HE wrote letters home, begging for his mother to get him out of HMAS Leeuwin naval base, and now she suspects she knows why.
Gregory Metcalf became a cadet at the Perth base aged just 16 but not long after arriving, in 1964, he wrote that ‘‘he could not go on living’’.
He ran away, across the Nullarbor, only to be caught and returned to the base and dishonourably discharged.
He died aged 44, without ever disclosing to his mother Claire Devlyn, of Mayfield, what happened to him.
Graphic details of the physical and sexual abuse of teenaged boys at the base between 1960 to 1984 are contained in the HMAS Leeuwin report released by the Defence Abuse Response Taskforce last month.
Ms Devlyn is now urging the Royal Commission into Institutional Responses to Child Sexual Abuse to take up the issue and reveal the full extent of the horrors, and refer any relevant matters for prosecution.
‘‘I wonder what happened to him. The main thing I feel is that I let him down. I have a little sketch of him and every morning I say to him, I am sorry my darling,’’ Ms Devlyn said.
‘‘I suppose some of the men who perpetrated these things, they would be my age, and they have got away with it all this time, all that hurt.’’
Gregory set off to become a cadet at the base in Perth to escape an unhappy family life.
Ms Devlyn was thrilled that he’d found a way out where she’d found none.
But not long after arriving, in 1964, he wrote to her saying he was desperately unhappy and ‘‘could not go on living’’ and needed her help to get out.
She pleaded his case to officials but the response she received was that it was ‘‘normal’’ for cadets to react that way at first, which left her feeling she had nowhere to turn.
‘‘In those days I had nowhere to go,’’ Ms Devlyn said. ‘‘You didn’t have a voice.’’
After realising his mother couldn’t help him, Gregory ran away from the base, hitching his way across the Nullarbor, but was pursued.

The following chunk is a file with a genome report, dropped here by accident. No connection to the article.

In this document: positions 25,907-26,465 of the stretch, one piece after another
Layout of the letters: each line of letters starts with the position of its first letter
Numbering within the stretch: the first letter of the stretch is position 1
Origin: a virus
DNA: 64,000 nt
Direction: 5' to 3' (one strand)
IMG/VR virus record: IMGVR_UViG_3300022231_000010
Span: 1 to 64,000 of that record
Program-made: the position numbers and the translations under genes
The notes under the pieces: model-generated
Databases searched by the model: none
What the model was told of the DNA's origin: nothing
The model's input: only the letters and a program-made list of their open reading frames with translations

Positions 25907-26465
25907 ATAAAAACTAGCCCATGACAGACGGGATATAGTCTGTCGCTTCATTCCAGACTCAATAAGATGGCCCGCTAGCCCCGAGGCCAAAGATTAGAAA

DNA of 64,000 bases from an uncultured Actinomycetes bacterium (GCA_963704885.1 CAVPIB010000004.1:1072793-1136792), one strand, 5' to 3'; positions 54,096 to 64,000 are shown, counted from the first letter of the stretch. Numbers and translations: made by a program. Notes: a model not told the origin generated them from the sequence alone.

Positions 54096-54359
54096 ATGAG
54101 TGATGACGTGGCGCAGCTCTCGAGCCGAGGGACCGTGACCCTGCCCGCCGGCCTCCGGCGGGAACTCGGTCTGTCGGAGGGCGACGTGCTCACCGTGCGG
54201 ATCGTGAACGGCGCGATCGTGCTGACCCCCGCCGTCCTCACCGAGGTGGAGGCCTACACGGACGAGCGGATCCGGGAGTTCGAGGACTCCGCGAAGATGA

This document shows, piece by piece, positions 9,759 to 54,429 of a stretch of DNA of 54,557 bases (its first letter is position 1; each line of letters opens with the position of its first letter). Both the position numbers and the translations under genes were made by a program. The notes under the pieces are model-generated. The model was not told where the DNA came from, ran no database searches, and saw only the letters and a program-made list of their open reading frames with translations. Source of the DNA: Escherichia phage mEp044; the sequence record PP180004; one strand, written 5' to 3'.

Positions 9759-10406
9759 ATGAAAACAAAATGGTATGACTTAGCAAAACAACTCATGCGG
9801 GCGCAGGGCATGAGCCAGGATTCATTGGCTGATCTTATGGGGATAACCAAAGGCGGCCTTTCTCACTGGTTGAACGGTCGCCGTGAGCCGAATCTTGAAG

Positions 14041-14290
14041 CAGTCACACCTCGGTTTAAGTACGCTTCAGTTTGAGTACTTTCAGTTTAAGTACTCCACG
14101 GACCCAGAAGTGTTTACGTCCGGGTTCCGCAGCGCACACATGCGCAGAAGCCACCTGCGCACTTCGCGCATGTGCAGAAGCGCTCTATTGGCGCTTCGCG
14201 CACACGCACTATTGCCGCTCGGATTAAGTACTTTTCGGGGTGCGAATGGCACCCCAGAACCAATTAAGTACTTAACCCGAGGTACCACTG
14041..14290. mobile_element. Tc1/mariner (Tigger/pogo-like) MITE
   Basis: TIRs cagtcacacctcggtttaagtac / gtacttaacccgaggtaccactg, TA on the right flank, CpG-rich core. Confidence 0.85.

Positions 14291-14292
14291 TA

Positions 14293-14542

Two military police officers arrived at the family home unannounced shortly afterwards, Ms Devlyn said, and marched her son out, arm in arm.
He was returned to the base where he was dishonourably discharged.
The taskforce’s report into HMAS Leeuwin is based on the personal accounts of 238 complainants, most aged between 15 and 17 and most of which the taskforce found were plausible.
The painful and humiliating hazing, or initiation practices, they suffered included being stripped and scrubbed with hard brushes, being held down while boot polish was smeared onto their genitals or having objects forced into their anuses.
The abuse was sometimes perpetrated by staff members, particularly in the 1960s, and much of it went unreported or unpunished.
The report finds that the pattern of abuse at HMAS Leeuwin was such that Defence knew or ought to have known that abuse was occurring, yet failed to take appropriate action to stop it. Ms Devlyn hopes the royal commission will take up the issue, and conduct public hearings to which she would contribute for the sake of her son.
A spokesman said the royal commission would review the report on allegations of abuse at HMAS Leeuwin, as is required under its terms of reference, and consider holding public hearings, which would be announced four weeks before they start.
Three alleged abusers are still serving in Defence and the taskforce is considering whether to make a recommendation for action by Defence against them.
Two cases have been referred on to police and another two are being considered for referral to police.